Julien Labonne will give a U.S.E. seminar at Utrecht University on Oktober 11. He is an Associate Professor in Economics and Public Policy at the Blavatnik School of Government, University of Oxford. His research is focused on issues of clientelism, electoral politics and social networks.
Making policies matter: Voter responses to campaign promises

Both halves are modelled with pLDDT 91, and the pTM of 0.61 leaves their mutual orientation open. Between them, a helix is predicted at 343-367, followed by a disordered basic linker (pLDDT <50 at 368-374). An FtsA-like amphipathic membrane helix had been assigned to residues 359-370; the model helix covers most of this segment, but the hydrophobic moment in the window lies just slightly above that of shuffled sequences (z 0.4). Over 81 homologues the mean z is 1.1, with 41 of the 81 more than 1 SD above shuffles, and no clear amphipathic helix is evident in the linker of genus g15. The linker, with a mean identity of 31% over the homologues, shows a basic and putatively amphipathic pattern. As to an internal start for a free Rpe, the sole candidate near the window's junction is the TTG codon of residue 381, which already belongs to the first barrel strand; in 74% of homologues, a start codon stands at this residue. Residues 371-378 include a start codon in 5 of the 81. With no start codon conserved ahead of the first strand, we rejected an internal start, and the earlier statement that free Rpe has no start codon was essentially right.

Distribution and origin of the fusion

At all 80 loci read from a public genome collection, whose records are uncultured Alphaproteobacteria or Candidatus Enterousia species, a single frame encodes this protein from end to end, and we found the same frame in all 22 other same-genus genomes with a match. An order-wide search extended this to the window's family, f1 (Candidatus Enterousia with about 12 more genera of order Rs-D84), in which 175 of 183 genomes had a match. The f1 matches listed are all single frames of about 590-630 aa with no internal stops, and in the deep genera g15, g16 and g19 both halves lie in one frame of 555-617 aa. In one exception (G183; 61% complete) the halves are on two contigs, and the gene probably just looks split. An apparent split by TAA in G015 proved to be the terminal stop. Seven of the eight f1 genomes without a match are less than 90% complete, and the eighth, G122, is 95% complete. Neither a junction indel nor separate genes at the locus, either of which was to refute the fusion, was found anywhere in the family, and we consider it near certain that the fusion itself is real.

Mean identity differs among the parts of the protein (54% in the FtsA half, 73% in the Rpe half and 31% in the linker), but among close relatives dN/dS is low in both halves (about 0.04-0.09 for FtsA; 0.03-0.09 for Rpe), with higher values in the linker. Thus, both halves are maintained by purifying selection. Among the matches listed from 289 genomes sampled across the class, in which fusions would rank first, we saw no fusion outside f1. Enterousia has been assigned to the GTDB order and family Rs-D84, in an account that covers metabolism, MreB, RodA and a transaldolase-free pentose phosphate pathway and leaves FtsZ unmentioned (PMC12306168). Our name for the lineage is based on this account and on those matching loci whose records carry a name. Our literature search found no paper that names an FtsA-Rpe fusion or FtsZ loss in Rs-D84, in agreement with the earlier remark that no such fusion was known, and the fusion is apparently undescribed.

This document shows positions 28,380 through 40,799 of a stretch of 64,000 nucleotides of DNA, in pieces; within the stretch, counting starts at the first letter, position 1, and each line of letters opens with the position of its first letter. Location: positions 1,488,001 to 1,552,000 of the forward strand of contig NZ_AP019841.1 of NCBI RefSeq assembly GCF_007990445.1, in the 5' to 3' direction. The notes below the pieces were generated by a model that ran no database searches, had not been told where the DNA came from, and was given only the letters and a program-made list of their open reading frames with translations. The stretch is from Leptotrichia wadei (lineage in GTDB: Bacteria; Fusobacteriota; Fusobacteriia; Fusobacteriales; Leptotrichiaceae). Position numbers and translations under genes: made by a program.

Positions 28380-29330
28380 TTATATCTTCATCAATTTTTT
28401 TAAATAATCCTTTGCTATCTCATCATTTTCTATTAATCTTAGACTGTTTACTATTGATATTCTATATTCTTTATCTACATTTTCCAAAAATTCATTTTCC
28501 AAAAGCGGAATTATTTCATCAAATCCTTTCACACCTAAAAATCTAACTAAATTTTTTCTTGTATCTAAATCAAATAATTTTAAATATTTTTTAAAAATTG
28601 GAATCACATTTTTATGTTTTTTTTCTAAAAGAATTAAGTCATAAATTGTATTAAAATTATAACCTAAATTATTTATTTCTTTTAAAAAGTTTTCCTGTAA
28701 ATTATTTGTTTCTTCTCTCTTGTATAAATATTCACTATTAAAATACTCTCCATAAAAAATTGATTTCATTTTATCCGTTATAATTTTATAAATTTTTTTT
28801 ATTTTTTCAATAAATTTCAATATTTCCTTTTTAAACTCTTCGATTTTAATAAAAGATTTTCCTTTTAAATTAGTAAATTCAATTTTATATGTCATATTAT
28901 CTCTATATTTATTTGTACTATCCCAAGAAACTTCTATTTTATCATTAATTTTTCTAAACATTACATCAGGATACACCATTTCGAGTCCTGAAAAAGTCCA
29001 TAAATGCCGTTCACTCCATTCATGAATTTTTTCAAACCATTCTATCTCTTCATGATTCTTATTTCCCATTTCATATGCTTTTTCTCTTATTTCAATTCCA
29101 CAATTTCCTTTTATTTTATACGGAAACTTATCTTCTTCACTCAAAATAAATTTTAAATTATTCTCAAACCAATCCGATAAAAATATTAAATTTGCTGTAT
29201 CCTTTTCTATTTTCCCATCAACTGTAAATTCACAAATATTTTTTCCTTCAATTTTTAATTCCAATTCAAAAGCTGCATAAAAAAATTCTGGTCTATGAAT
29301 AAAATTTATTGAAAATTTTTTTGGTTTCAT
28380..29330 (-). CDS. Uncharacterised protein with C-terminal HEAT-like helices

We elicit multidimensional policy platforms from political candidates in consecutive mayoral elections in the Philippines and show that voters who are randomly informed about these promises rationally update their beliefs about candidates, along both policy and valence dimensions. Those who receive information about current campaign promises are more likely to vote for candidates with policy promises closest to their own preferences. Those informed about current and past campaign promises reward incumbents who fulﬁlled their past promises, as they perceive them to be more honest and competent. Voters with clientelist ties to candidates do not respond to information on campaign promises. We estimate a structural model that allows us to disentangle campaign information eﬀects on beliefs (through updating) and psychological eﬀects on preferences (through making policy salient to voters). Both eﬀects are present in the data. Counterfactual exercises also demonstrate that policy and valence play a signiﬁcant quantitative role in explaining vote shares. Finally, although these campaign promises have a signiﬁcant impact, a cost-beneﬁt analysis reveals that vote buying is more cost effective than information campaigns, establishing a rationale for why candidates in these environments do not use them in practice.